Electrolux AB, the Swedish manufacturer planning to buy General Electric Co.’s home appliance business, raised its outlook for growth in the U.S. after brisk demand pushed third-quarter profit above estimates.
The maker of AEG stoves and Frigidaire refrigerators expects the North American household appliance market to grow between 4 and 6 percent this year compared with a previous forecast of 3 to 5 percent, the Stockholm-based company said in a statement Friday. Market demand in North America strengthened during the year to rise 8 percent in the third quarter, the company said.
“The factors that drive appliance demand are lining up in the right direction,” Chief Executive Officer Keith McLoughlin said on a conference call. “Right now, it looks to us like demand is going to continue at least in the near term.”
McLoughlin is racing to win a legal battle to save plans to buy GE’s appliances unit for $3.3 billion. U.S. Justice Department opposition to the deal, which could make it equal in size to market leader Whirlpool Corp. in the U.S., stems from claims that it would hurt consumers by creating an oven duopoly. To alleviate concerns, Electrolux lawyers have said the company will sell some assets. A trial is scheduled to start Nov. 9.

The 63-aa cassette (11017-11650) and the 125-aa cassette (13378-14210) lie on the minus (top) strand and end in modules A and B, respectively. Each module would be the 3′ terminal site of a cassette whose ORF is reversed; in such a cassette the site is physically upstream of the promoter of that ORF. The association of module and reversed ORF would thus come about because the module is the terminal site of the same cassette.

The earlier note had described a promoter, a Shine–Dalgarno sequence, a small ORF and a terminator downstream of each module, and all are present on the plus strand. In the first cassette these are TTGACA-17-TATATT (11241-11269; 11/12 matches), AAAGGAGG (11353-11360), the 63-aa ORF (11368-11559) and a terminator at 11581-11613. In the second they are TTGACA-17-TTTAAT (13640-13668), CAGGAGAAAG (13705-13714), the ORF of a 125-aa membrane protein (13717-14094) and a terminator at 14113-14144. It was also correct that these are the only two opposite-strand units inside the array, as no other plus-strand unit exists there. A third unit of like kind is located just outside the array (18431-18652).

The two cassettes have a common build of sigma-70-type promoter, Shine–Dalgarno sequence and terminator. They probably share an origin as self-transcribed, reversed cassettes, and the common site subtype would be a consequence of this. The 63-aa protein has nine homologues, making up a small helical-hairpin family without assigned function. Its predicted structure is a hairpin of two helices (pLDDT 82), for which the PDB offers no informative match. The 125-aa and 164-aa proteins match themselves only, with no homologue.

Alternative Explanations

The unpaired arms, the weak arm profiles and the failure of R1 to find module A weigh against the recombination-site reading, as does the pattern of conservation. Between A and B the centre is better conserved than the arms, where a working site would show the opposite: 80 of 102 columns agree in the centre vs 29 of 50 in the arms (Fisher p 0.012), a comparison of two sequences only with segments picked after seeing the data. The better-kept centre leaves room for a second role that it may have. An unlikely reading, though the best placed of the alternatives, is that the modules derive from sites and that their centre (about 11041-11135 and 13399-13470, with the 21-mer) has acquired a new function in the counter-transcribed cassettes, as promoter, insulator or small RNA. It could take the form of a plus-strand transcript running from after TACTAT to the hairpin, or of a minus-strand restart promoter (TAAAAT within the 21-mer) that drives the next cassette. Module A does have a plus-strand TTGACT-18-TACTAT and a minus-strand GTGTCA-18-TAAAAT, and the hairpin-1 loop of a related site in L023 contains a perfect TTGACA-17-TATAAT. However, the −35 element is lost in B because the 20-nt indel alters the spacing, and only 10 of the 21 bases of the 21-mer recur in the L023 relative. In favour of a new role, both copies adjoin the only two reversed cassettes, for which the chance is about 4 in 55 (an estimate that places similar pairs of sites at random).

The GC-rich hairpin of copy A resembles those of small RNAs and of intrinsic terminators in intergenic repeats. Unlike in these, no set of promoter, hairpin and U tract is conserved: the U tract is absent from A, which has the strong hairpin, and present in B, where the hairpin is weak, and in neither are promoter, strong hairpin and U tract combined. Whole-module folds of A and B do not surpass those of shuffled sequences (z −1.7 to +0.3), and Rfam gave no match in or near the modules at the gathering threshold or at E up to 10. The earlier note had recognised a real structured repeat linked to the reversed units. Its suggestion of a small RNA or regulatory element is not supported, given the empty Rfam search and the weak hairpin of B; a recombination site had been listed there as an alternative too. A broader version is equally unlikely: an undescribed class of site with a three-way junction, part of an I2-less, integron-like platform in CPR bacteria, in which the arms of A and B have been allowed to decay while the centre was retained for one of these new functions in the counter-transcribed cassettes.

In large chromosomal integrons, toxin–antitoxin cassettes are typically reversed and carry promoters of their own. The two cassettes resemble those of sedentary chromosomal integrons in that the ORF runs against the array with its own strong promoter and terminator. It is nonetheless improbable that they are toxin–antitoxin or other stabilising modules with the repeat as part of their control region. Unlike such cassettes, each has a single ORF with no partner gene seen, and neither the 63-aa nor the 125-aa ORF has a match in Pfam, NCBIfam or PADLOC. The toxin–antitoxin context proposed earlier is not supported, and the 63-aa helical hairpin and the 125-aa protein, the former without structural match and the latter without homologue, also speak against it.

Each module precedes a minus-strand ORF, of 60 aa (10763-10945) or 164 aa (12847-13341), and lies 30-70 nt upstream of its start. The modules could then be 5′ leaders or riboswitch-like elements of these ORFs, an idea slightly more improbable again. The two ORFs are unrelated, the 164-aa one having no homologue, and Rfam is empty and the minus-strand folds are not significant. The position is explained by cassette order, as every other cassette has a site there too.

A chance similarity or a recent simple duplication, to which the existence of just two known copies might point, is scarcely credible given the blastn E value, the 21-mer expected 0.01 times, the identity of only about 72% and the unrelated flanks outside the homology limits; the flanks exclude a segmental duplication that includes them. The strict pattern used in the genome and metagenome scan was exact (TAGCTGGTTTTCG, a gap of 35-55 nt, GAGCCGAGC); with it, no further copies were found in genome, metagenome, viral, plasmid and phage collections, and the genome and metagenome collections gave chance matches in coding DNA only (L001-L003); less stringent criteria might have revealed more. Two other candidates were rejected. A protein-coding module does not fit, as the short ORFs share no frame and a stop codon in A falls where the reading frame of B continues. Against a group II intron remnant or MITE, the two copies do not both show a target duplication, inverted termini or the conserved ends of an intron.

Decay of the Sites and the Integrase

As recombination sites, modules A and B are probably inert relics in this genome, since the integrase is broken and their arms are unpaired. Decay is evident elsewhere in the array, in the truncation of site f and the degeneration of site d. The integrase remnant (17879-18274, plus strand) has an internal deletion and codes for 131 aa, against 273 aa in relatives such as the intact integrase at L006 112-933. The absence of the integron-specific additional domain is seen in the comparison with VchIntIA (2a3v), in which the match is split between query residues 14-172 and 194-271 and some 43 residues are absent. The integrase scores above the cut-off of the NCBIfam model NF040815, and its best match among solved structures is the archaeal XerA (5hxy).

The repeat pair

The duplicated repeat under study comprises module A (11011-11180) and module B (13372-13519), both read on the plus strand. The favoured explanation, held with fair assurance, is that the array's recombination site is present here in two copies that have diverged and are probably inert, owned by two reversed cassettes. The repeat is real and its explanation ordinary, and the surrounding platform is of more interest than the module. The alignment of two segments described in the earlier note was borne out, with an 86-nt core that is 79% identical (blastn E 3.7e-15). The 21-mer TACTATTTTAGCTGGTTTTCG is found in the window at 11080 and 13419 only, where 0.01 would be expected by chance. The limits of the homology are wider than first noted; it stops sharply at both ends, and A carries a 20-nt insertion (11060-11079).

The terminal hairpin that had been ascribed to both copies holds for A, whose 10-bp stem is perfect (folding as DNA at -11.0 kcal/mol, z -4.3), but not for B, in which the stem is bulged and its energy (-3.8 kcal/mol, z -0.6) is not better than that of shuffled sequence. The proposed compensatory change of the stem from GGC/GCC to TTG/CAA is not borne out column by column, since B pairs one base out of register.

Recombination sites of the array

Electrolux’s North American headquarters are in Charlotte, on David Taylor Drive in the University City area. The company employs about 900 people there. The company has said its headquarters will remain in Charlotte after the GE Appliances acquisition, but it is evaluating whether to go forward with a planned expansion that would double the Charlotte headquarters’ size.
Electrolux released “very good” third quarter earnings driven by North America, where profits have been hit by costly complications related to new U.S. energy standards, Kepler Cheuvreux analyst Johan Eliason said in a note. With those issues now resolved, earnings beat expectations in the region as well as in Europe and Latin America while missing in Asia, he said.
Electrolux operating income rose 8.2 percent to 1.51 billion kronor ($179 million) from a year earlier afterU.S. demand and a recovery in Europe compensated for weakness in Brazil and China, according to the statement. That was higher than the average of 1.2 billion kronor of 11 analysts surveyed by Bloomberg. Like-for-like sales rose 7 percent in North America.
New-home construction in the U.S. increased more-than- expected in September to the second-highest level in eight years. McLoughlin said the rise “will continue to stimulate appliance demand.”
Observer staff writer Ely Portillo contributed